I commute every day to work.  My commute consists of taking the T, the commuter rail, and then finally a shuttle bus to work; vice versa on the way home.  The first week of this there were no bubbles, no troubles.

During the second week, however, the driver of the shuttle bus on my commute home took a rather persistent liking to me.  I dealt with this in the only way I really know how for the next few weeks: polite smiles while pretending to either be on the phone or overly interested in the music playing through my headphones.

Unfortunately for me, there was only one other person who rode the shuttle bus at my time, and he didn’t even always take it.  Due to this unfortunate circumstance, I was usually riding solo.  When the shuttle bus driver realized this, he became more aggressive than passive with his overtures, even going as far as to bang on the walls of the bus when I would pretend I couldn’t hear him calling to me from the back of the bus.  Under his scrutiny and constant badgering I became very uncomfortable and started lying in an attempt to get him off my back.

I told him that I had a boyfriend, did not live in Boston, and was unavailable at all times of the evening because I commuted home to Connecticut every single day. (Anyone who knows me also knows that I am a terrible liar, despite my best efforts… especially when being put on the spot)  He was relentless, constantly asking for my phone number, my address, or a date.

I finally decided that I shouldn’t have to put up with this every day, but instead of confronting him as any normal female would do, my non-confrontational self decided to stay at work an extra 45 minutes a day to take the late shuttle bus and avoid seeing him.

Naturally, my boss noticed this right away, and brought it up during our weekly 1 on 1 meeting.  As I awkwardly attempted to explain the situation, he became increasingly distressed and I was worried I wasn’t adhering to an accurate version of events.  After all… it wasn’t like the driver was stalking me, touching me, or even yelling at me… he was merely constantly informing me of his boundless attraction to me and requesting that I allow him to do something about it.  According to my boss, this was still harassment.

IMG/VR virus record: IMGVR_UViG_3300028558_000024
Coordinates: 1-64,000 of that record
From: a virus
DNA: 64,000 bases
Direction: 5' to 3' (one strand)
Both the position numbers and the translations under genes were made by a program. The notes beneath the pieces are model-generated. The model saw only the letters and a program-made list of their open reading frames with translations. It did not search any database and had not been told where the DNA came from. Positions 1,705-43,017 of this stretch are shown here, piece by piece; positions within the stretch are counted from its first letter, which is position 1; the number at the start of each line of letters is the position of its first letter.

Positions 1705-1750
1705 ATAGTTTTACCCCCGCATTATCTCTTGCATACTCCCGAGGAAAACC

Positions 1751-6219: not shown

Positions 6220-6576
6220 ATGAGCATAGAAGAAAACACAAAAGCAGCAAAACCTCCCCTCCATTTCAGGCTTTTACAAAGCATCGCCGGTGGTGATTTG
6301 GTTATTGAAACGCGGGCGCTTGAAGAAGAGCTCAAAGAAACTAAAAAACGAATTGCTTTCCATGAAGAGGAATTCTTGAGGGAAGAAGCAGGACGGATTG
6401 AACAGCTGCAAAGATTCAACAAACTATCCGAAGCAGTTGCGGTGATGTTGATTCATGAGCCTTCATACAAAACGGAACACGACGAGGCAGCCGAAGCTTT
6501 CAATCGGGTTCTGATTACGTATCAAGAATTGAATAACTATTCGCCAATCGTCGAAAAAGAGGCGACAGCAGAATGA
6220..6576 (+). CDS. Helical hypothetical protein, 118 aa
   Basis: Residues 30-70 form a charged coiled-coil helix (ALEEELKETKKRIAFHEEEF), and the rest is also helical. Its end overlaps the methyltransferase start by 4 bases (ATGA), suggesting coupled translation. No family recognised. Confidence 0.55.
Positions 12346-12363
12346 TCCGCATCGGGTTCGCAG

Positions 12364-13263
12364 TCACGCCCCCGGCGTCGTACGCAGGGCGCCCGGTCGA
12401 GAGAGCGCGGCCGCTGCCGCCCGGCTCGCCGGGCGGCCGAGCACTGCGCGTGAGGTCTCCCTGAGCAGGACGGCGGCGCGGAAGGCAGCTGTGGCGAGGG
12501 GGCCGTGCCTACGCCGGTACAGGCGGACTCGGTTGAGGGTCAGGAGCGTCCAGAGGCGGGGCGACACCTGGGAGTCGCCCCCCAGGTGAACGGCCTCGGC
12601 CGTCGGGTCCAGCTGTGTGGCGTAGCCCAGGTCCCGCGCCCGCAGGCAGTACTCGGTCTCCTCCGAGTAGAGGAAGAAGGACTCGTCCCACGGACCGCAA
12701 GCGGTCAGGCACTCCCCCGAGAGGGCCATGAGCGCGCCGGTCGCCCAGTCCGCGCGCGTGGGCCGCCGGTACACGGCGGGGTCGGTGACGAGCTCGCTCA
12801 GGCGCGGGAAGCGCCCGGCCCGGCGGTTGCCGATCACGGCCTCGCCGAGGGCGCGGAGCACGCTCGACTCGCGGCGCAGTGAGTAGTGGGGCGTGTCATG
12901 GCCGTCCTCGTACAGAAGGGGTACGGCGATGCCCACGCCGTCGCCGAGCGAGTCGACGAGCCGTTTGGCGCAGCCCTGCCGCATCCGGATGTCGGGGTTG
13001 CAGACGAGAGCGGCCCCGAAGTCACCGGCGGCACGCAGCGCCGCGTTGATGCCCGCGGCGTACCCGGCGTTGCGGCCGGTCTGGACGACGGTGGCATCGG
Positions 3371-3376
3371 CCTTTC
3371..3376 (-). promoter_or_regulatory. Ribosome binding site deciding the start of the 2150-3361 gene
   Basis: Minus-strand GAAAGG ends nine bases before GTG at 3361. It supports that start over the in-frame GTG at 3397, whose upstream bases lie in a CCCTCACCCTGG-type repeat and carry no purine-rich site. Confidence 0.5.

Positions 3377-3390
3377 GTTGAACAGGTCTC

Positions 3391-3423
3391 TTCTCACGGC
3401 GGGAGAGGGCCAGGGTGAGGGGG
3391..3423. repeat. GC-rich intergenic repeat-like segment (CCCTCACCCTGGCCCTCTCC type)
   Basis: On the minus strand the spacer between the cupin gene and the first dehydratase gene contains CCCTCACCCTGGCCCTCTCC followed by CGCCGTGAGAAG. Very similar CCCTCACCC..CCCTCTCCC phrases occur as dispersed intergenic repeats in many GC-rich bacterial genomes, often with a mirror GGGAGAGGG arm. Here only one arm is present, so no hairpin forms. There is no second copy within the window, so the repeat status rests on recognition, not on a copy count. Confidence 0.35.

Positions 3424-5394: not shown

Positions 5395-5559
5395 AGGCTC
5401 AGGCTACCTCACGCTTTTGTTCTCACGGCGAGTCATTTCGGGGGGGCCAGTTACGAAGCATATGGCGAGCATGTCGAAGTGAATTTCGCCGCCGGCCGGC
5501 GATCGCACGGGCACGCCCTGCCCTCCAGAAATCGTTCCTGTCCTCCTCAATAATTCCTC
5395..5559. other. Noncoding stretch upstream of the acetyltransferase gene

In the weeks following my admittance of these events, my boss kept me updated on HR’s progress in dealing with my situation.  Frankly, I was appalled at the level of interest the higher-ups in the company took in my situation.  I was perfectly fine to continue taking the late bus and avoid any confrontation whatsoever, but my boss maintained that despite this being the first time anyone came forward with an issue like this, didn’t mean it wasn’t happening to other girls.

He also reminded me of a very important fact: I should be allowed to go to work everyday and not be made to feel even slightly discomforted by anyone.

To make a long story short, it’s looking like this shuttle bus driver may end up being fired.  I was horrified when I found this out, and immediately called my father.  When I opted to take the late bus instead of confronting the driver, I thought that I was taking the best path for me.  The truth is, in life, sometimes the best path for you isn’t the best path for everyone.

Imagine if I had confronted him, let him know for a fact that he was making me uncomfortable, and made sure he knew that his romantic overtures were unwanted… two things could have happened:

He either would have A.) understood what I was saying, stopped his overly aggressive behavior, and allowed me a comfortable, on-time commute; or B.) understood what I was saying, ignored my request, and instigated the chain of events that are currently occurring.

Either way, he would have officially been made accountable for his actions and I would be able to go on with my life and let HR handle the situation anyway they deemed fit.

Now, since I was too afraid to speak up when the time came, I am forced to wonder if all of this could have been prevented.  Perhaps he really had no idea the level of discomfort he was generating for me, and is now faced with losing his job because I was too much of a coward to open my mouth and tell him so.  Who knows the effect losing his job will have on him, or on his family.

Blame is a terrible thing.  My lesson learned here is that when in doubt, don’t automatically take the easy road out, because you never know how it might affect other people.

I wish I could fix this, but events have been set in motion that I no longer have control over.  All I can do is be better for next time.

Posted In:


Fill in your details below or click an icon to log in: Logo

You are commenting using your account. Log Out /  Change )

Facebook photo

You are commenting using your Facebook account. Log Out /  Change )

Connecting to %s